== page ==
This pathbreaking approach to expanding parental choice in education embodies a proposal to amend the Michigan constitution and establish a Universal Tuition Tax Credit (UTTC). The tax credit would offset a portion of private or public school tuition and would be claimed against state tax liabilities. In addition to improving education, the UTTC would save the state hundreds of millions of dollars per year. Unlike other tax credit plans, the UTTC would help needy families with low state tax liabilities by encouraging the creation of corporate scholarships to offset tuition costs not covered by the UTTC. The per-student credit could be claimed against the Michigan tax liability of any person or corporation. Unlike vouchers, the UTTC would not allow state funds to support religious schools, would not drain funds from the public schools, and would not spawn new entitlements or overregulation of private schools. The study includes detailed fiscal models, a discussion of school choice, a history of Michigan's constitutional impediments to education reform, and proposed language for a constitutional amendment. 76 pages … more

Child Foster Care in Michigan: A Privatization Success Story

Few issues are more emotional and controversial than how states care for children who are removed from families because of neglect, abuse or abandonment. This extensively documented report finds that it is less costly to place children in foster care supervised by private agencies than for this service to be provided by Michigan's Department of Social Services. Privatization of this important social service serves as a model for other states. 16 pages. … more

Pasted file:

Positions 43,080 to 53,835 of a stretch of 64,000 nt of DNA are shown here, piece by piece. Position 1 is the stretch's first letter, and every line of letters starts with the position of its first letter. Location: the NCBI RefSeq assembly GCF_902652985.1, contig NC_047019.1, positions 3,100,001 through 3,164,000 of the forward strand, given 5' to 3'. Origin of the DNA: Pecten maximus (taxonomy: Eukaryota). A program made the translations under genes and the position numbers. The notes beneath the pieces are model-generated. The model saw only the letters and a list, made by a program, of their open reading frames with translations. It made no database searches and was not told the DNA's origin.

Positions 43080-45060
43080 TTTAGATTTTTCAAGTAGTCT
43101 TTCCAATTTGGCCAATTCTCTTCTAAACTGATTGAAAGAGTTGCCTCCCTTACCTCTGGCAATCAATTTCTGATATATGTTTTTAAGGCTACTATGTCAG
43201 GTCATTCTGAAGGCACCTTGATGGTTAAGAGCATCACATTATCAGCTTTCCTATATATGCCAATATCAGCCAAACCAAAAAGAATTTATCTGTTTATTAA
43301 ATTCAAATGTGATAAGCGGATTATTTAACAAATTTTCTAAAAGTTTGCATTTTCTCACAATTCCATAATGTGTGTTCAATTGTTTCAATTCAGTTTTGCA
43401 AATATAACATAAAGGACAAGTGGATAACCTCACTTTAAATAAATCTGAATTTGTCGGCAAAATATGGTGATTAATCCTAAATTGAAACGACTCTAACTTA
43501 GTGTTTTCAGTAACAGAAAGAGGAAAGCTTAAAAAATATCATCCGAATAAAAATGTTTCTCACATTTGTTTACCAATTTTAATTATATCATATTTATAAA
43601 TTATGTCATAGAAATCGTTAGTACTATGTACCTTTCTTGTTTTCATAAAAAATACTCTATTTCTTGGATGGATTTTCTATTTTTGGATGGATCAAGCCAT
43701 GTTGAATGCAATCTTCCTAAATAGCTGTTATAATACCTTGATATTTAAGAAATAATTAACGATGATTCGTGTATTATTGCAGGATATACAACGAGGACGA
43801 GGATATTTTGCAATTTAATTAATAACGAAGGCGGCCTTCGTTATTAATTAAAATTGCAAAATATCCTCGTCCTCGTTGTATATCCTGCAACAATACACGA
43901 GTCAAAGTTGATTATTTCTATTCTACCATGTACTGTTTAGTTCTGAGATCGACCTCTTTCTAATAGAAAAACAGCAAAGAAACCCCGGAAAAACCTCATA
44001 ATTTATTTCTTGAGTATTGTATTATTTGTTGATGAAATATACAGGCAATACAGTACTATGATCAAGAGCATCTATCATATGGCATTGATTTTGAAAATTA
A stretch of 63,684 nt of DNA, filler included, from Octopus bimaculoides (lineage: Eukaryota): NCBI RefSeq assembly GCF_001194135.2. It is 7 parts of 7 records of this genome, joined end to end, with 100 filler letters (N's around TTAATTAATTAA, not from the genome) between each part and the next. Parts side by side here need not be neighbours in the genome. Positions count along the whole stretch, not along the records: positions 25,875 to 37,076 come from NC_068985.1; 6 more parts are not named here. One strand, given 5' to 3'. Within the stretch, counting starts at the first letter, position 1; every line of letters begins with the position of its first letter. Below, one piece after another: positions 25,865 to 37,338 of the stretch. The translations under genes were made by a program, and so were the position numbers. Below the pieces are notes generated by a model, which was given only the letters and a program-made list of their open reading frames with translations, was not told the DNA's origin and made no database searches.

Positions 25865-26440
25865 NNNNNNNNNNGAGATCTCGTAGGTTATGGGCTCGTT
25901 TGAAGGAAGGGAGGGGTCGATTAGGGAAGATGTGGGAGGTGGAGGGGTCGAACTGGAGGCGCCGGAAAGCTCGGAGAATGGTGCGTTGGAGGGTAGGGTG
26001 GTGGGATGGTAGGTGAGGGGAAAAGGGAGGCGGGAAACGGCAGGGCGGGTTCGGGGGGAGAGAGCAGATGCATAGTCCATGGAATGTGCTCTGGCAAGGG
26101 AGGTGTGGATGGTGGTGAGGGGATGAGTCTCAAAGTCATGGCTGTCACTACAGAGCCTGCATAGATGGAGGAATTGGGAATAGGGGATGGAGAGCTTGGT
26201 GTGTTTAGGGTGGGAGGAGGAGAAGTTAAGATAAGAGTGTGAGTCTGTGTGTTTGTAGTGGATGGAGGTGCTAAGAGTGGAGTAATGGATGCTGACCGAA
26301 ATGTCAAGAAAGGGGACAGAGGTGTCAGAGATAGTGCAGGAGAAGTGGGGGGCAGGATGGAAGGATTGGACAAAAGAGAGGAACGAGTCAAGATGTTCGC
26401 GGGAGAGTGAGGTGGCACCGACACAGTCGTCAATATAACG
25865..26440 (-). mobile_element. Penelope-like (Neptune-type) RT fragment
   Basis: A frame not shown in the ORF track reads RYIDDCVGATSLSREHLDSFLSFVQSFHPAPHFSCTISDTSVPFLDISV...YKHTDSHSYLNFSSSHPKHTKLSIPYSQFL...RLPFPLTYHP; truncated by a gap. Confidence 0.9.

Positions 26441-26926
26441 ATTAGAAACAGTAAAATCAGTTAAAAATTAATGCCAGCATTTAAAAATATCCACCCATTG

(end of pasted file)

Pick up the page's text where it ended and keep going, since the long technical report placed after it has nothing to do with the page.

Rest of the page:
Keeping the Engler Revolution on Track

This analysis of Governor Engler's first year in office gives the governor high marks for balancing the state's budget without a tax hike. The governor is urged not to shrink from the politics of constructive confrontation with legislative "big spenders." Includes a review of his first year in light of the Road Map for a Michigan Renaissance, issued by the Mackinac Center in November 1990, and makes recommendations for the continued downsizing of state government. 3 pages. … more

Executive Summary

Michigan's Home Ownership Savings Trust: A Closer Look

The HOST program was created in 1989 ostensibly to assist first-time home buyers in saving for their down payments. Wolfram and Kaza point out the fatal flaws of the plan and expose HOST as a boondoggle of the first order. Their analysis was instrumental in bringing about revisions of the program under Governor James Blanchard and its ultimate abolition under Governor John Engler. 8 pages. … more

Regional Economic Development: Downriver as a Case Study

The seventeen communities of the Downriver Detroit area have traditionally been economically vibrant. Their decline in recent years is due in great measure to excessive tax burdens and the politicization of community services. The authors explain how this area can revive by rolling back property taxes, privatizing a number of municipal functions, avoiding government-directed economic development schemes, and making certain improvements to the transportation infrastructure. The many lessons from the Downriver experience are applicable to communities all across Michigan. 32 pages. … more